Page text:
The practice of fall or “dormant” seeding pastures, lawn or range is a tried and true method for establishing plants. This planting method is also referred to as fall planting, dormant planting, or winter sowing.

What Is Fall or Dormant Seeding?

Dormant seeding is the practice of seeding late enough in the year that seeds sit over winter and germinates early the following spring. Melting snow soaks the seed and surrounding  seed bed, warming temps stimulate it, and nourishing spring rains keep it growing and rooting.

When to fall or dormant seed

The timing of fall or dormant seeding is important. If done too early, some seed will germinate late in the season and those immature seedlings often won’t survive the winter.  Sow your seed while the ground is not frozen, but cold enough that germination will not occur until the following spring. As a general rule, this is sometime from late October to mid-November depending on your location.

What plants can I Fall or Dormant Seed

With a few exceptions you can fall or dormant plant just about any seed. If sowing is done late enough in the fall that seeds dong germinate, anything but the most sensitive annuals or warm season grasses call be dormant planted. Things that can be fall planted include cool season grasses, shrubs, most pasture grasses and all of our pasture mixes.

Avoid fall planting sensitive annuals like spring small grains, teff grass, italian ryegrass and most cover crops.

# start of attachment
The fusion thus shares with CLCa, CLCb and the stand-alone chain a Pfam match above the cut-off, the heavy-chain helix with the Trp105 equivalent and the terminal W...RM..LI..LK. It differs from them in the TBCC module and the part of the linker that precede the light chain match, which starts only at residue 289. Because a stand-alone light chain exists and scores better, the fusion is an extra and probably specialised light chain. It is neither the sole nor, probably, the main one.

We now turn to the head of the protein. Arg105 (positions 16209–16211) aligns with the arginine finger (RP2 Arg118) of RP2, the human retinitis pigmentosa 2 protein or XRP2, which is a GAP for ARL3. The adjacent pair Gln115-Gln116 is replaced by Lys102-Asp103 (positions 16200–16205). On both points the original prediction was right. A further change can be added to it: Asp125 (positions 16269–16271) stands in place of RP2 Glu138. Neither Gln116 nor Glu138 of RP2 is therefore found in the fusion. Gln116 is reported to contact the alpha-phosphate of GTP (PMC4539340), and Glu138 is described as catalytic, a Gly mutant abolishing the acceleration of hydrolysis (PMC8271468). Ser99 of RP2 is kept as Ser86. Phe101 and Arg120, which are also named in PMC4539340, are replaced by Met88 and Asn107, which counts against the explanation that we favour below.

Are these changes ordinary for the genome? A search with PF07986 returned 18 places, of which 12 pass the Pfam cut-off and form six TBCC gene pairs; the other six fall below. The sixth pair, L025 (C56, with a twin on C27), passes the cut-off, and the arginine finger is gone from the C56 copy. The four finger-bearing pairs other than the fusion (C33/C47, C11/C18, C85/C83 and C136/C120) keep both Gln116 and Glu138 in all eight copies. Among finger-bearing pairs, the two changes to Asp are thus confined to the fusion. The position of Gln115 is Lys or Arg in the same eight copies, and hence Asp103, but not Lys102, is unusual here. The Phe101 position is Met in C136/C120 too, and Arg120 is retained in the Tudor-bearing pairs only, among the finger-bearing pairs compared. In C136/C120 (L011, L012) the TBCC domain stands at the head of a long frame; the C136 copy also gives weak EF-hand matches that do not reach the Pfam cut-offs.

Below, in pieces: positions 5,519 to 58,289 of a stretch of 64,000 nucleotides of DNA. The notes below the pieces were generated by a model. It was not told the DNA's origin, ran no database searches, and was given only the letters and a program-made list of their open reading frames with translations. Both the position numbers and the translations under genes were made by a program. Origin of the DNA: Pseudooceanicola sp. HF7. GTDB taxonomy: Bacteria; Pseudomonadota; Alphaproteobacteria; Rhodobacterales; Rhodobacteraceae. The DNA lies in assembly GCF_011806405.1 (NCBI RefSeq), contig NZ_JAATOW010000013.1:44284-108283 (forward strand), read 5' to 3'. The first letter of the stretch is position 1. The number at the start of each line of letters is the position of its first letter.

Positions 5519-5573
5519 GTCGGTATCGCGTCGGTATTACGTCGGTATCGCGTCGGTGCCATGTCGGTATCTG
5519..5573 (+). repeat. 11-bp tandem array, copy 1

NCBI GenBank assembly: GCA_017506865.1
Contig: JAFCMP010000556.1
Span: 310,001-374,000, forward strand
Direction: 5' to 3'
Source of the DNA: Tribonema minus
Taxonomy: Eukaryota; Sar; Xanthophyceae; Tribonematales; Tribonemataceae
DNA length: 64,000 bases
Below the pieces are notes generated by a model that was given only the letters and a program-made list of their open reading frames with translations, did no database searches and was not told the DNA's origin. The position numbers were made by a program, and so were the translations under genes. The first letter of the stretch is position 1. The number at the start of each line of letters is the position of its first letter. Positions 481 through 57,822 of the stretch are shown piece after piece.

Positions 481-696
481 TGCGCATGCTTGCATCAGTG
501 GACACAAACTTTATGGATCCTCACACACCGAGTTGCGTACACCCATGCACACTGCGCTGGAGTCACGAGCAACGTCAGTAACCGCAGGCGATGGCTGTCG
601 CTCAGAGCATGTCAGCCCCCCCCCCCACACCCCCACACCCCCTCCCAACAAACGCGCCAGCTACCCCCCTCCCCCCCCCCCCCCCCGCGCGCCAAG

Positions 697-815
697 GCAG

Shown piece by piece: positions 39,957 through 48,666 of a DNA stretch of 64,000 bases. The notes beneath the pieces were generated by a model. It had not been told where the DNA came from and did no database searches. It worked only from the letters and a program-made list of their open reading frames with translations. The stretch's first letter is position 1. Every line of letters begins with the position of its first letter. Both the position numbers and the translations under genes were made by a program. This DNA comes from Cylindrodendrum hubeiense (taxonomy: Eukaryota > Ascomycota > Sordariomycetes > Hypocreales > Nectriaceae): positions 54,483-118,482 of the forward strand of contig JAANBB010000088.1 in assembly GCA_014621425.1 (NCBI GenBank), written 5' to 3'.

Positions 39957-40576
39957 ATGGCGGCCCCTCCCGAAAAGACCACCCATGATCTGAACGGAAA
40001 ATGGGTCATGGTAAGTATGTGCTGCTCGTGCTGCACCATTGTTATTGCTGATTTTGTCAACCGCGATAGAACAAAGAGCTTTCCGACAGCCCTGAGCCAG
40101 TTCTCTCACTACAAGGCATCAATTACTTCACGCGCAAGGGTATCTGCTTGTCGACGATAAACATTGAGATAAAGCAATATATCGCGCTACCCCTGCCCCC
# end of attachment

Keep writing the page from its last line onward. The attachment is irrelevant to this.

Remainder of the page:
How to Fall or Dormant Seed

Other than the time of year for dormant seeding, the actual process of preparing the area to be seeded is virtually identical to establishing grass from seed at other times of the year.

Establish good seed-to-soil contact

Mow the existing plant matter down to about 2 inches. This will allow seed applied over the top to reach the soil. Loosen the soil surface so the seed can easily be incorporated into the surface quarter-inch or so of loose soil. Small areas of bare soil or even a thin turfgrass stand can easily be prepared using a hand rake. Larger areas can be prepared by ‘lightly’ going over the surface with a power rake or vertical mower available from most rental agencies. Set the blades or cutters just deep enough to penetrate into the top ¼ inch or so of soil. If you broadcast, rolling the surface after sowing is highly recommended – the process will “press” the seed into contact with the soil. If you are drilling, DO NOT BURY THE SEED. Seeds should be drilled NO DEEPER than .25″

Great Basin Seed products frequently sown in the fall include:

  • Dryland, Irrigated and most Pasture Mixes
  • Lawn & Turf Mixes
  • Orchardgrass
  • Turf and Forage Type Perennial Ryegrasses
  • Turf and Forage Type Fescues
  • Most native and introduced range grasses
  • Immigrant Forage Kochia